Friday, August 21, 2009

Old Cutters is not burden to Hailey


John Campbell, of Hailey, is the principal developer of Old Cutters subdivision in Hailey.

By JOHN CAMPBELL

It has come to our attention that readers of the Mountain Express may mistakenly believe that Old Cutters is struggling financially and at a cost to the city of Hailey. This is not the case. The poor economy and poor real estate market have not been helpful. However, Old Cutters is current with all of its financial obligations. Additionally, Old Cutters has the financial strength to remain current moving forward, even if the economy and real estate market remain poor and recover slowly.

It seems the biggest reason for the confusion about Cutters' financial strength surrounds its second annexation payment that was due to the city. Cutters made the first payment of $275,000, as per its contract with the city, back in November of 2007. The second payment of $875,000 was due either after the 35th lot sold or in November of 2008. Cutters was ready to make the November payment. However, the owners of Cutters approached the city and asked for a restructuring of the payment schedule. Because only three lots had been developed with houses, it seemed reasonable to request an extension on a payment fee that was supposed to cover the development impact of 35 houses.

It is important to note that at no point has Cutters asked for a reduction in annexation fees, even though the final annexation fee amount charged by the city was approximately double the recommended amount by professional consultants. Cutters only asked for a restructuring. We think it reasonable that the city receive the money for the impact of people moving into the subdivision prior to the actual impact, but it's not necessary to receive payment years and years prior to the actual impact.

About this time, the Indian Creek Homeowners Association (ICHA) made the argument that the city of Hailey erred in allowing Cutters to sell their water rights. ICHA argued some of the water rights needed to remain in the city's possession. Although Cutters had originally offered the water rights to the city in lieu of annexation fees, the city chose not to accept that offer. Compounding the problem was the fact that Cutters had entered into a contract to sell the water to a third party. The City Council then told Cutters they wanted a certain portion of the water back. Since all of the water was under contract to be sold, Cutters had to make a request to the buyer to accept less water, so that some could go to the city. This negotiation was time-consuming and difficult. Despite diligent efforts by the city, Cutters and the third party, negotiations between all parties delayed Cutters' second payment to the city.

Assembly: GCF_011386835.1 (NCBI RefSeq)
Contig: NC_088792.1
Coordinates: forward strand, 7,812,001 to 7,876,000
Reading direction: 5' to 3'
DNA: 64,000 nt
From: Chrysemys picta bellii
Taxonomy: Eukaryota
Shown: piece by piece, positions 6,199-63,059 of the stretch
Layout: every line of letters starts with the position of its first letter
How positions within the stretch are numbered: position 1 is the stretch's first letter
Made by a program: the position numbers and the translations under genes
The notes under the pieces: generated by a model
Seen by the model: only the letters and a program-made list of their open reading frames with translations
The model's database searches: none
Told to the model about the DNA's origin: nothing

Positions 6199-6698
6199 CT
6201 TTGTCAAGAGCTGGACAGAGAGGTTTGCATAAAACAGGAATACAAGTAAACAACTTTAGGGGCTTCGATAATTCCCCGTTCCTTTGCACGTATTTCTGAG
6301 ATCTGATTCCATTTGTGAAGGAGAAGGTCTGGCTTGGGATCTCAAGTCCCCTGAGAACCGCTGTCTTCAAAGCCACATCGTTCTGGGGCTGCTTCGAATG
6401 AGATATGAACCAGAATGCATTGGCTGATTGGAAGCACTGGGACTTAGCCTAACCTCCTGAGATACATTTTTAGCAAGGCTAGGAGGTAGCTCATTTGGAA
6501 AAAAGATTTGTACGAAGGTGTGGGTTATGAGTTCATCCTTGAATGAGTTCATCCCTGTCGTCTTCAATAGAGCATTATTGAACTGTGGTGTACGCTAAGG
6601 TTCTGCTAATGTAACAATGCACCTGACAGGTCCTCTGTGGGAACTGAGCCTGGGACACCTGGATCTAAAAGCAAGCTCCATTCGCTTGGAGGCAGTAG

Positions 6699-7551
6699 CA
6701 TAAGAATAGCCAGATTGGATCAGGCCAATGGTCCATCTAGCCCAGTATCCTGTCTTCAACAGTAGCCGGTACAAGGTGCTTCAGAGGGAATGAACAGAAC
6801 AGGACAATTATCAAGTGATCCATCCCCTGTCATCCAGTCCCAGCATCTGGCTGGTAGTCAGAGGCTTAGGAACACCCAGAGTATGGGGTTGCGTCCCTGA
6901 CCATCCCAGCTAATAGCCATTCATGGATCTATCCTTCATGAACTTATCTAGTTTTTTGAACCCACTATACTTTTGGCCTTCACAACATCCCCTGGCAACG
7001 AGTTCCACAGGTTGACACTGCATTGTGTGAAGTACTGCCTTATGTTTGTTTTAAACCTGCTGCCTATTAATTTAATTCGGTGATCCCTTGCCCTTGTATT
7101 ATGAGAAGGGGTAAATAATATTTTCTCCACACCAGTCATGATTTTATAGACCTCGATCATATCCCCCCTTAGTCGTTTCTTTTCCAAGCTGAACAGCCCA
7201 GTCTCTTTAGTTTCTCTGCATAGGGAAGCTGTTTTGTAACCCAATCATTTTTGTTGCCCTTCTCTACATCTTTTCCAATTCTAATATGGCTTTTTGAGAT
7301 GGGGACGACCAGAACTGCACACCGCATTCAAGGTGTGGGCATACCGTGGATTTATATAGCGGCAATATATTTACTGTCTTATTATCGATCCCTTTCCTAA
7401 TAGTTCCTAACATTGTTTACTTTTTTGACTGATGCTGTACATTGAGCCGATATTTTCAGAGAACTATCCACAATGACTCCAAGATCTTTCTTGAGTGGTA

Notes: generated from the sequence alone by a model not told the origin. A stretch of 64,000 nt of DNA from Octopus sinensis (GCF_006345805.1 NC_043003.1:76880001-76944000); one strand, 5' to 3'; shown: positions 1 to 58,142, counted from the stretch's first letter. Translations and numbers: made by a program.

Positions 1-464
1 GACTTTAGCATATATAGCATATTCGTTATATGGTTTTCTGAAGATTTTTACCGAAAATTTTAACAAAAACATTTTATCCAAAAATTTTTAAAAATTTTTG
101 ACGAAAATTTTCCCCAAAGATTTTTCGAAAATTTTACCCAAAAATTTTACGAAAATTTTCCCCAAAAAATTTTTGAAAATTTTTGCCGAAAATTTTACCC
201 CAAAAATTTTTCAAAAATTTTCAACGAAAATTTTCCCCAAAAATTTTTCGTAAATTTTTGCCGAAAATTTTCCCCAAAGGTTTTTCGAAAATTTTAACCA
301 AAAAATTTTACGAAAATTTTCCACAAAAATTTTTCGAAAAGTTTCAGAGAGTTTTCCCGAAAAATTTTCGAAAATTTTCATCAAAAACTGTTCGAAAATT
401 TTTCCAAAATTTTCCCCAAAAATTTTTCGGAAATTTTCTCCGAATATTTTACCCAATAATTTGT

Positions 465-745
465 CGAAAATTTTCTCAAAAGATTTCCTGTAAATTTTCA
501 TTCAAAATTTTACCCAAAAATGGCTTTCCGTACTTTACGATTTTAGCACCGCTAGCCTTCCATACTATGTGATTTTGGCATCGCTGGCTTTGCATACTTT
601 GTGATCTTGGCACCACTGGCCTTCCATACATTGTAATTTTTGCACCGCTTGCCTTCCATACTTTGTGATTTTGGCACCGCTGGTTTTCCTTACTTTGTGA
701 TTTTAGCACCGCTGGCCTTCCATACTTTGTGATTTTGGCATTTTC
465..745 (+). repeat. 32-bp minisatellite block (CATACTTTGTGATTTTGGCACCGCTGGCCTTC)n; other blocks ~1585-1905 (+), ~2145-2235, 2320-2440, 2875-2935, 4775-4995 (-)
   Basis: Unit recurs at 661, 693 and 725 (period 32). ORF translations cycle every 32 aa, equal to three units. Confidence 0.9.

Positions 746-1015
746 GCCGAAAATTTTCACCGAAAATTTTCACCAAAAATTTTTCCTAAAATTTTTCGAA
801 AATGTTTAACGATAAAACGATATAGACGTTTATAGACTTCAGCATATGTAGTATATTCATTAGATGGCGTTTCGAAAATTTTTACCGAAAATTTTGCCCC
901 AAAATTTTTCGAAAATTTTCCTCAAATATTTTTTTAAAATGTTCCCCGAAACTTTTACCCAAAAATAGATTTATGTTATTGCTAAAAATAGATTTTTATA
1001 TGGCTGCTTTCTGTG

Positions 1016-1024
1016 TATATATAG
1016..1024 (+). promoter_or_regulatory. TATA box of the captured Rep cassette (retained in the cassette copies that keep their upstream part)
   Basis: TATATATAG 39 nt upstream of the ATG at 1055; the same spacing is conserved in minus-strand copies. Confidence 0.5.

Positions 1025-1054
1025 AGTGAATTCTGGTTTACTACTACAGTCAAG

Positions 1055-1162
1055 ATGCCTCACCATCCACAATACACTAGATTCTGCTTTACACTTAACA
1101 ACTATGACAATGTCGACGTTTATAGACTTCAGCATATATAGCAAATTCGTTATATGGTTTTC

The Mountain Express reported Cutters was in "breach of contract", which was not an accurate description of the situation. Cutters was in fact working hard with the city to avoid a potentially difficult and expensive legal problem for the city.

We encourage the public and newspaper staff to visit the subdivision. Streets are tree-lined with sidewalks. There is a big park with a nice playing field and play structures for kids, as well as a nice picnic area. There are walking trails paralleling a canal and the hillside. Hailey residents are already utilizing the many amenities offered by Cutters. We believe Old Cutters is a valuable asset to the city of Hailey that will provide cash in the form of property taxes, annexation payments and water rights.




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